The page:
Despite its youth, the Southern California Institute of Architecture (SCI-Arc) has educated a surprising number of figures that have come to define the field. One such figure is local architect Barbara Bestor, who graduated from the school with a master’s degree in 1992 and has since designed several prestigious projects in and around Los Angeles, including the Silverlake Conservatory for Music, and the Beats by Dre campus in Culver City, and also oversaw the renovation of the Silvertop Residence, a hillside home first built in 1956 by local legend John Lautner. As the commencement speaker for SCI-Arc’s 2019 graduation ceremony, Bestor elaborated on the storied history of the city and how it directly influenced her career. “I think that, like the city of Los Angeles,” began Bestor, “our culture of freedom as architects is a uniquely West Coast culture that's actually in touch with our past history.” She then went on to recount how the unique qualities of the city that inspired experimentation among luminaries including Frank Lloyd Wright, Ray Kappe, Deborah Sussman, and Rudolph Schindler, who had a “habit of driving around to job sites with a load of two-by-fours in his station wagon so that he could improvise new ideas in real-time.” Bestor then reminded the audience that the freedom afforded by the relative lack of history Los Angeles can be liberating but also daunting. “It demands that we grapple with big existential questions like ‘what am I doing here,’ ‘what's my artistic voice,’ and ‘will my voice ever be part of the larger architectural conversation around the world?’” Bestor’s way of first navigating the city’s creative landscape was to work on houses, coffee shops, clothing stores, kitchen renovations, and several other small projects. “Even the most pragmatic and mundane programs,” she explained, “contain some freedom for the architect to create extra value, ideas about gender politics, fun experiments, and so on.” Bestor ended her speech by advising her listeners, “whether you’re staying here in L.A., or going off to Mexico City, or Beijing, or Seoul,” to “take that sense of freedom with you… You are all now West Coast Architects... part of this great, living tradition of experimentation and innovation.” It seemed fitting that, following her speech, an honorary M.Arch degree was presented to Frank Gehry, an architect who has called Los Angeles his home since 1947 and found a career by tapping into the experimental spirit of the city recounted by Bestor.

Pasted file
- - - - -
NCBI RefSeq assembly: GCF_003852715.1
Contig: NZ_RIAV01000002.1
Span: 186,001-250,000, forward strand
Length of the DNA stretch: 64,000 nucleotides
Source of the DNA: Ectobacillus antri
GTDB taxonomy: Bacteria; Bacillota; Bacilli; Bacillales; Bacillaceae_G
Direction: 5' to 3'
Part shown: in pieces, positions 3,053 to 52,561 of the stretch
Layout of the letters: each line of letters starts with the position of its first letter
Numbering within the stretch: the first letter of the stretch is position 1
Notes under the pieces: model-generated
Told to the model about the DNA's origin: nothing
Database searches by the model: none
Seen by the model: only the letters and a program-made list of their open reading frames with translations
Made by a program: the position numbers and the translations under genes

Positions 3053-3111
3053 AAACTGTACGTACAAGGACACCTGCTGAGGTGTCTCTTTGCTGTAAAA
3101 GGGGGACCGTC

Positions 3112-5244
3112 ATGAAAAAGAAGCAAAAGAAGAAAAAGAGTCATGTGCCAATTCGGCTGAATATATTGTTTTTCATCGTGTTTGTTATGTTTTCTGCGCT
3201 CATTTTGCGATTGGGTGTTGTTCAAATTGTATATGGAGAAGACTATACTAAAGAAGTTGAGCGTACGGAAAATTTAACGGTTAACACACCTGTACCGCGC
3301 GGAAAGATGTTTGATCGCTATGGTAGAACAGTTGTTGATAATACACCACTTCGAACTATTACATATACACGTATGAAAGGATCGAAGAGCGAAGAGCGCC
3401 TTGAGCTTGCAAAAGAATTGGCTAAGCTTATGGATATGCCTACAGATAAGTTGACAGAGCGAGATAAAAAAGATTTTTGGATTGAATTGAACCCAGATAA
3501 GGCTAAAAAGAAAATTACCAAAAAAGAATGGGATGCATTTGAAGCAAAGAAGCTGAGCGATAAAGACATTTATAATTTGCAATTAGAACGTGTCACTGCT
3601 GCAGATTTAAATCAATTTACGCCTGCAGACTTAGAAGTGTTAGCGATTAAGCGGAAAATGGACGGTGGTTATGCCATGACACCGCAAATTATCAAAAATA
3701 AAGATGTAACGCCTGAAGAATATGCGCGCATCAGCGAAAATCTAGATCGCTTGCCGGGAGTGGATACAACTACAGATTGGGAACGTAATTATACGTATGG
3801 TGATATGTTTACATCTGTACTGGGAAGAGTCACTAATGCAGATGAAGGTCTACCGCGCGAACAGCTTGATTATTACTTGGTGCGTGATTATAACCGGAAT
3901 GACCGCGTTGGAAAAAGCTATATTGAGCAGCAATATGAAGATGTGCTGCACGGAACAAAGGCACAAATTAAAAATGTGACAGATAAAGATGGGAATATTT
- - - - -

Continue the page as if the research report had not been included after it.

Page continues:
Placeholder Alt Text